Thursday, 29 December 2011
I think it's safe to say that 2012 hasn't been my finest year. In fact, I did remark to a friend in November that it has, possibly, been the worst year of my life, but that I had high hopes for 2012. At the time, it was a passing comment, but ironically, minutes after saying this, I found myself in the audience of a play called 'void story' by a company called Forced Entertainment. I say ironically because the play basically took two characters and put them through the worst possible chain of events: it was *so* dreadful it was hilarious (that was kind of the point...) At the end of the play, my friend turned to me wryly and remarked:,'so, you were saying, this year was the worst of your life...?' I honestly can't say I've ever been shot in the stomach by intruders, bitten by giant poisonous insects, or been forced to dance in a never ending dance competition until I can no longer stand before being exterminated by a bomb dropped by a passing drone place, so, by comparison, it's really not been that bad. But, that doesn't mean I don't look forward to the promise of a new year, especially after the difficulties of 2012.
A new year is the perfect time to consider the past and make resolutions for the future. I once made a resolution to learn to ski, but within days of me uttering these words, Natasha Richardson died in a skiing accident and my sister's colleague paralysed himself on the slopes; suddenly it didn't seem like such a good idea. So since then, I've tried not to make too many 'solid' resolutions. People are always talking about having smart targets, but I think I prefer something altogether more wooly; the possibility of what *could* be as opposed to the possibility of falling at the first hurdle.
Someone clever once said "Imagine what you would do if you could not fail. Now go and do it" - I think that's the best thing about new starts. No one expects anything of you. If you want to reinvent yourself and wear new clothes, or adopt a new way of speaking, it's all allowed. The more shocking and exciting the better.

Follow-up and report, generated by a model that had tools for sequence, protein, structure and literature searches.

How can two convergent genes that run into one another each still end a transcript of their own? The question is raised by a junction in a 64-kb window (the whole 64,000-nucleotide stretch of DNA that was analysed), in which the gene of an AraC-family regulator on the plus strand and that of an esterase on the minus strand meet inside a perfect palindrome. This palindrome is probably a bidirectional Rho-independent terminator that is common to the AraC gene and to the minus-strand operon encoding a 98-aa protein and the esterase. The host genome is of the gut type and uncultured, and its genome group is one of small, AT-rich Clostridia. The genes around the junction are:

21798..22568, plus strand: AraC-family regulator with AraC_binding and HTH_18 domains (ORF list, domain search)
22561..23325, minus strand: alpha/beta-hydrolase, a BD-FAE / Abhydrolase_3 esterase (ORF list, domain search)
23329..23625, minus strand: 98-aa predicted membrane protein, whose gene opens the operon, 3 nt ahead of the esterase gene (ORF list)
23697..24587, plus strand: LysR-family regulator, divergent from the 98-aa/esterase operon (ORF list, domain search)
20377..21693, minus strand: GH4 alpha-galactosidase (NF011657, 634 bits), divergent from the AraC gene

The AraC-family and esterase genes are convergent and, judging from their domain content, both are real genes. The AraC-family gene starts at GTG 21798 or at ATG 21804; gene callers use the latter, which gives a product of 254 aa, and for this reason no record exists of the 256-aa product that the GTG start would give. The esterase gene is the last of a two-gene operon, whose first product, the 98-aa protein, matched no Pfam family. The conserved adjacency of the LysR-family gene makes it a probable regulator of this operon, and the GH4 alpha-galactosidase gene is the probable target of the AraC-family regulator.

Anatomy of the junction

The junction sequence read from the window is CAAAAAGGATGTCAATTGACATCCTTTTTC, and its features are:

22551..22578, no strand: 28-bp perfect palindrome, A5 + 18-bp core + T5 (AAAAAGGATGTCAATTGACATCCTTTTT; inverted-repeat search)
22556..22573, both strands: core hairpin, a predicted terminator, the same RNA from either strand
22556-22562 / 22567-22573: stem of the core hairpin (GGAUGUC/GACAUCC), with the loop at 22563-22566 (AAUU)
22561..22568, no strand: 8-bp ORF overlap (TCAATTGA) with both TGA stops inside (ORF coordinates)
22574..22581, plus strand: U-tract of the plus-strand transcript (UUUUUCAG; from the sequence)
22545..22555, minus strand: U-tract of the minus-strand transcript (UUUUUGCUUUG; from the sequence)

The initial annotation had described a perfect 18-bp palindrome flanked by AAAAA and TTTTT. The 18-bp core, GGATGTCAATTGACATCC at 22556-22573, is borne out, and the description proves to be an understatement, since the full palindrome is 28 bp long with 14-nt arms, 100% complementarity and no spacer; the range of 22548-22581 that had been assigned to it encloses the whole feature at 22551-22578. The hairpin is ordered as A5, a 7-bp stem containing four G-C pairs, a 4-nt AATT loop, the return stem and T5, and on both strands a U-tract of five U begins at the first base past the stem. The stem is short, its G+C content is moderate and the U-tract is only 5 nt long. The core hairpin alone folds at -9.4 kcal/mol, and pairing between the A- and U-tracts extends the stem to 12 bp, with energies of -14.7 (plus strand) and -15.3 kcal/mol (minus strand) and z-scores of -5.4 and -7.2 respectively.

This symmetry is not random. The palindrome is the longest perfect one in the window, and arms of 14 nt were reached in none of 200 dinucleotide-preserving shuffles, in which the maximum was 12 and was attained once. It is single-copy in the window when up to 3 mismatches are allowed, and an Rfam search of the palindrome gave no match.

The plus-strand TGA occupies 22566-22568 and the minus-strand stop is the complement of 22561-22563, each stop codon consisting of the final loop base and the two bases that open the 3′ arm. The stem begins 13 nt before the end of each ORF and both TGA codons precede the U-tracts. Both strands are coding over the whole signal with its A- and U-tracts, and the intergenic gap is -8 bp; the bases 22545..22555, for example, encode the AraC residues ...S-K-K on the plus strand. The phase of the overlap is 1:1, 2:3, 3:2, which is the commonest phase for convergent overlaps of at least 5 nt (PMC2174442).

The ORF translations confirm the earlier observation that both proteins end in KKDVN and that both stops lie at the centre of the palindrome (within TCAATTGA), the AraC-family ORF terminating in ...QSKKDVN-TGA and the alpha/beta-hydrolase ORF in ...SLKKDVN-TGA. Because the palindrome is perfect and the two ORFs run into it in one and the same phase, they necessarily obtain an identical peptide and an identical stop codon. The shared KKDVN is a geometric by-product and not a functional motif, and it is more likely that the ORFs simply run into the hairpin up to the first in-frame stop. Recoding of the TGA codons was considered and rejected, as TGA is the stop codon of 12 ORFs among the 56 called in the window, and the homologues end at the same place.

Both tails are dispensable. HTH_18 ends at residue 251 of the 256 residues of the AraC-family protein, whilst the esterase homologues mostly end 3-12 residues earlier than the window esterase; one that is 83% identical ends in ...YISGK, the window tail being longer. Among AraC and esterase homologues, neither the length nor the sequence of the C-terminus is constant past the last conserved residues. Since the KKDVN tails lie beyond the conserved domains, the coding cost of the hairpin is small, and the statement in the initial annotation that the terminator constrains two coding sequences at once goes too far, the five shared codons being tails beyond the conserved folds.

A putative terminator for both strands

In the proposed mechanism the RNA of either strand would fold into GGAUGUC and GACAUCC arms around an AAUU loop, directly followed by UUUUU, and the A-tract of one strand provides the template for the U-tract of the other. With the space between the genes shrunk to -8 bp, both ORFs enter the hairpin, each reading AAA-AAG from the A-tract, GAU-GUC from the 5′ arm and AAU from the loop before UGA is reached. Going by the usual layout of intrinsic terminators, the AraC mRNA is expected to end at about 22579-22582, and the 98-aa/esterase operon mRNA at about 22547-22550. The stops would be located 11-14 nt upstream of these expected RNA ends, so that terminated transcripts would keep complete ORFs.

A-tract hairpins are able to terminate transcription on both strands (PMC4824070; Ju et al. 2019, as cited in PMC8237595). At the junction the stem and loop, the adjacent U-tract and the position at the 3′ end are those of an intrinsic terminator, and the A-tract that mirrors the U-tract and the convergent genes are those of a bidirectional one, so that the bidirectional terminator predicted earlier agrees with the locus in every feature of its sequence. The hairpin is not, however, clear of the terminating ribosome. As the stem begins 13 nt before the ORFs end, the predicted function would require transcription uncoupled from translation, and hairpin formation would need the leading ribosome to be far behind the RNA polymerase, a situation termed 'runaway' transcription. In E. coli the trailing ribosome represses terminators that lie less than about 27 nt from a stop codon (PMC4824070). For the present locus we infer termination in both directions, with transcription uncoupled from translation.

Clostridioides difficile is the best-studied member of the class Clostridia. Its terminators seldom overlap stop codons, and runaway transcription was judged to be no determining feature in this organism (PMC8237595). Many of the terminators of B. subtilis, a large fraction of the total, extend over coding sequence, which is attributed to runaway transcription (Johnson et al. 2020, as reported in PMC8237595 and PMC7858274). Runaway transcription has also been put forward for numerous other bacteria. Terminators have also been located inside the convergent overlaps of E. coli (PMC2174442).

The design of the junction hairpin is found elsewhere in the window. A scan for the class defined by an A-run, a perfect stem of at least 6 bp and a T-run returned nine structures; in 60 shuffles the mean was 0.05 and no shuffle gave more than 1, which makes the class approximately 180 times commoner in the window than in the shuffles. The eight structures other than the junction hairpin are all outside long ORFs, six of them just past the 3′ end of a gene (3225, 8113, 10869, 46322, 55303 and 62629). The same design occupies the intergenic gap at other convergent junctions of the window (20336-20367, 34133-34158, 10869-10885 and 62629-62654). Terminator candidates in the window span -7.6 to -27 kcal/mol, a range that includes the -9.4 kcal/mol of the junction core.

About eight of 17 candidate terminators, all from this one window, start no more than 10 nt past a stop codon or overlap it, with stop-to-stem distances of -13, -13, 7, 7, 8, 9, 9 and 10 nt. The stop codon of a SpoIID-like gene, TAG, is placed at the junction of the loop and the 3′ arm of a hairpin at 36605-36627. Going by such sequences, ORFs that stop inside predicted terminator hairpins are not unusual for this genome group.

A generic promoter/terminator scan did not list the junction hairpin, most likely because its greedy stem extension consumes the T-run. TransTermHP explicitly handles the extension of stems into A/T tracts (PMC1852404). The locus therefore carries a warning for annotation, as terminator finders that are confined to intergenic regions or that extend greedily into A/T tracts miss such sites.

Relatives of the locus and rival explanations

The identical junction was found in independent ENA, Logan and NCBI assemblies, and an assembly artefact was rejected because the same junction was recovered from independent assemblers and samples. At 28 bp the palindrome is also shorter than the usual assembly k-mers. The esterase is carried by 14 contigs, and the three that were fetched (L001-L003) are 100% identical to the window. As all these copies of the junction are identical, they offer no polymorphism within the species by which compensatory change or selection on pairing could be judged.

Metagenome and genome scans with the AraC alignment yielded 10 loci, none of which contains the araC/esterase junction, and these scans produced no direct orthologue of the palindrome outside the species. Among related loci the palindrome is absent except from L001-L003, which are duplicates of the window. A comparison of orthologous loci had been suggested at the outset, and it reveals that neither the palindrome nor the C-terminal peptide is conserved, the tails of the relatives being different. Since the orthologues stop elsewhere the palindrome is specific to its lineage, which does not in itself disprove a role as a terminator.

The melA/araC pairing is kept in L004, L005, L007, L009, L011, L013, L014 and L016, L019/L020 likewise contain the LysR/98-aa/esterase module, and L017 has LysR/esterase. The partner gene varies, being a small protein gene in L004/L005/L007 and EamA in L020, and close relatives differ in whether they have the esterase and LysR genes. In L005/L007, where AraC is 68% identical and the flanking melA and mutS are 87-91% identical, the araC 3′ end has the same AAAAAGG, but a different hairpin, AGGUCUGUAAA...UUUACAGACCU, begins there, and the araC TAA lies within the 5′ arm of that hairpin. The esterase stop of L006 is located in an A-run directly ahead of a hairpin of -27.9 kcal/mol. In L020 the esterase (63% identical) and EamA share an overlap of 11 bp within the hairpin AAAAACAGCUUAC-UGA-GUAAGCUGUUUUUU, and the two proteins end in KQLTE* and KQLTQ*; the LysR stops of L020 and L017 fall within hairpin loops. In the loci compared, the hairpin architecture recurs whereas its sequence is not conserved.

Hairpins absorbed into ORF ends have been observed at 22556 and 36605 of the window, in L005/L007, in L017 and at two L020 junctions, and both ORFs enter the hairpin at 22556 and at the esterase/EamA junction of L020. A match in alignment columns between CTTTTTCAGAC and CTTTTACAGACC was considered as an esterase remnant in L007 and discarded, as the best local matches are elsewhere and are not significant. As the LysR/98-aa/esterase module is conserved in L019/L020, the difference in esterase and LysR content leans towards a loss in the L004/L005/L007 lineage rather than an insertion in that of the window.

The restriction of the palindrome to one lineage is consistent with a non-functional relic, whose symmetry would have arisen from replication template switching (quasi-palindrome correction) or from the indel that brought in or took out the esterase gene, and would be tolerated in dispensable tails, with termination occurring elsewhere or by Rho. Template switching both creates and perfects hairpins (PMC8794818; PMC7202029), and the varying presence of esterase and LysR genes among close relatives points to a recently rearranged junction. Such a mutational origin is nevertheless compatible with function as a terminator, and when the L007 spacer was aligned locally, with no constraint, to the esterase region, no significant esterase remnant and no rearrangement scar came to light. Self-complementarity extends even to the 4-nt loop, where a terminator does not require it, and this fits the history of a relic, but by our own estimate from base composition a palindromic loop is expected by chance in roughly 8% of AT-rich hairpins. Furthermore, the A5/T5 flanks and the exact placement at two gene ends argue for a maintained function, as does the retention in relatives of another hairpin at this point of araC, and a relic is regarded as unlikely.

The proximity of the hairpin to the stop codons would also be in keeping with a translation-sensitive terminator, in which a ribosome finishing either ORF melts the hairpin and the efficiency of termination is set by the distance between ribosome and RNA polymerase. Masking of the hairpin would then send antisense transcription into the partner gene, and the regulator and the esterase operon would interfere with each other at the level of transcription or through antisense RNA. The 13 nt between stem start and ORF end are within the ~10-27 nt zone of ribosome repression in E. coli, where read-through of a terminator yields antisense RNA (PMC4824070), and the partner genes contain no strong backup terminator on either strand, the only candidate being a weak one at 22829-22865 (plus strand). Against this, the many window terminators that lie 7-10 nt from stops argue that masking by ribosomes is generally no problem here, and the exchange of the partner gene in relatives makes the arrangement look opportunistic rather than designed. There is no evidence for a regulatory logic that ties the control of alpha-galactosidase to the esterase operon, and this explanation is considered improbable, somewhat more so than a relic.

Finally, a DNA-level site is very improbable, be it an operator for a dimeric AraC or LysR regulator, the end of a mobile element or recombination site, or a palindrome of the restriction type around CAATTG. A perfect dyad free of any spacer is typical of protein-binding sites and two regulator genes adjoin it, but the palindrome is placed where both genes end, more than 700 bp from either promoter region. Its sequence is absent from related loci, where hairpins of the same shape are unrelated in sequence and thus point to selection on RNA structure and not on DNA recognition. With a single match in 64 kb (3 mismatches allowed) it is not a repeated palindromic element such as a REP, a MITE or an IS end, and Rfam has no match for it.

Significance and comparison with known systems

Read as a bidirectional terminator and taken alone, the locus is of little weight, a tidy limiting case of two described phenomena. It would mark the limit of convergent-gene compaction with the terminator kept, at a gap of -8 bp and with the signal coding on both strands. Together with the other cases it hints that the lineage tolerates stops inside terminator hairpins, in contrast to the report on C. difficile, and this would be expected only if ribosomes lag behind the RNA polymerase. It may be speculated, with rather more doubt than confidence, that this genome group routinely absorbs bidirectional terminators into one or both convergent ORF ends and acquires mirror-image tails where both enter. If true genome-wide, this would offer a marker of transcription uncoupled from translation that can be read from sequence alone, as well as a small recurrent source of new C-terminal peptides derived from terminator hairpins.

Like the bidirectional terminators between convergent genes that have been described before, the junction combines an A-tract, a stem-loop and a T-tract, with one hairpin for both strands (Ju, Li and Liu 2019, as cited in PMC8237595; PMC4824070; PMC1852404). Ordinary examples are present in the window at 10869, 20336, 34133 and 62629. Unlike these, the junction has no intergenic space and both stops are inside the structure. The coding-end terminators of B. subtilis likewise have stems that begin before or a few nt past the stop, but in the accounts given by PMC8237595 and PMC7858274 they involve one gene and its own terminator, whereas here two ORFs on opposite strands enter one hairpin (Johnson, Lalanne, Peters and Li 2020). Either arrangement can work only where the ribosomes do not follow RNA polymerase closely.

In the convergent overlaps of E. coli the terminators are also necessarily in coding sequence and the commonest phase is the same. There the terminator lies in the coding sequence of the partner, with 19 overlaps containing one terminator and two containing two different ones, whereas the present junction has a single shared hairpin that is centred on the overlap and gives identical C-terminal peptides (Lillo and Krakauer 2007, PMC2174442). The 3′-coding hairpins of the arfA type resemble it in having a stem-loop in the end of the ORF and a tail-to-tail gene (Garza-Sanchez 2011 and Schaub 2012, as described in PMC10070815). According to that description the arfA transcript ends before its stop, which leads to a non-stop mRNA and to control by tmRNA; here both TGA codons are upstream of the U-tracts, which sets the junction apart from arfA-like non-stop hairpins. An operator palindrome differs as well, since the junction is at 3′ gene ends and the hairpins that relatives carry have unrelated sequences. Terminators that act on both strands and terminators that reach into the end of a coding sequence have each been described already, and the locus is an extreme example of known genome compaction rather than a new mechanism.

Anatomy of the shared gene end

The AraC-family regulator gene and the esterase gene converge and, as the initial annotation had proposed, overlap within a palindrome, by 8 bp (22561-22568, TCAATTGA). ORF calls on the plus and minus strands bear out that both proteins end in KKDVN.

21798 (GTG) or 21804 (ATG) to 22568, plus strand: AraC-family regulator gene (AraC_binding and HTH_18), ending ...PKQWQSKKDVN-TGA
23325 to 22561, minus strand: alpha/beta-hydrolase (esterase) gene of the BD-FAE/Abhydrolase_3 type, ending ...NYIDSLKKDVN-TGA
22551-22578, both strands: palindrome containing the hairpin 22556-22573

So, my question to you, readers, is this; not "what are your new year's resolutions?" but "what are your hopes for 2012?" - hope is so much more forgiving.
Friday, 9 December 2011
I'm so aware of the value of sleep and I'm trying hard to look after myself, so I was in bed at 9 last night and managed to sleep until just before 9am this morning. When you consider that between February and June this year I didn't get more than 1 hour a night, this is a massive improvement. My body (and more importantly, my mind) has learned to switch off and I feel like I'm still catching up with all those lost hours, and sleep feels so restorative.
It also feels like a positive tiredness. I've taken the big step of returning to work and it's been a good week, even though I'm exhausted, it feels like I've really earned my weekend! Which is great as it's my mum (and my sister's - although she's in Cambodia until next Saturday) birthday today so I am going home to celebrate with my family and really looking forward to it!
On a slightly different, but sleep related note, I noticed this poster in my hunt for pictures of sleeping ballerinas. If you live in the UK - The Royal Ballet is doing a live broadcast of their Sleeping Beauty at 7.15pm on Thursday (in fact they're broadcasting around the world too, although obviously at different times), so it would be well worth scoping out your local cinema (or the ROH website: http://cinema.roh.org.uk/content/the-sleeping-beauty-live-15-december) to see if you can get seats! I saw this last year at new year and it was definitely a brilliant production (as you would expect from the Royal Ballet!)
Saturday, 26 November 2011
In February 2012, I turn 30. This is a momentous month, of course, and to make it even more significant, I've also decided to take part in a sponsored tandem sky dive for BEAT, a UK charity supporting a cause very close to my heart. It will be freezing cold here, and I will be launching myself into the freezing air from a massive 10,000 feet.
If you have followed my blog you will know that earlier this year I spent a (very long) month in hospital with Anorexia Nervosa. I am lucky. I have amazing friends and family and I have had brilliant care within the NHS. But there are hundreds of sufferers who don't get the support they need. BEAT is a charity that provides very real and practical support to sufferers and carers of those with all kinds of eating disorders, many of whom can't access the kind of support I've had. It also runs outreach and support programmes into schools to target vulnerable young people.
Trust me - they are an AMAZING charity, I wouldn't be considering such a crazy act if I didn't wholly believe in what they do!
So, this is my plea to you, dear blog readers. I have a target of £395 sponsorship and a little over 2 months to hopefully smash this target... I'd be ENORMOUSLY grateful if you could donate, even 50p will help me to meet this target - follow this link if you think you can help!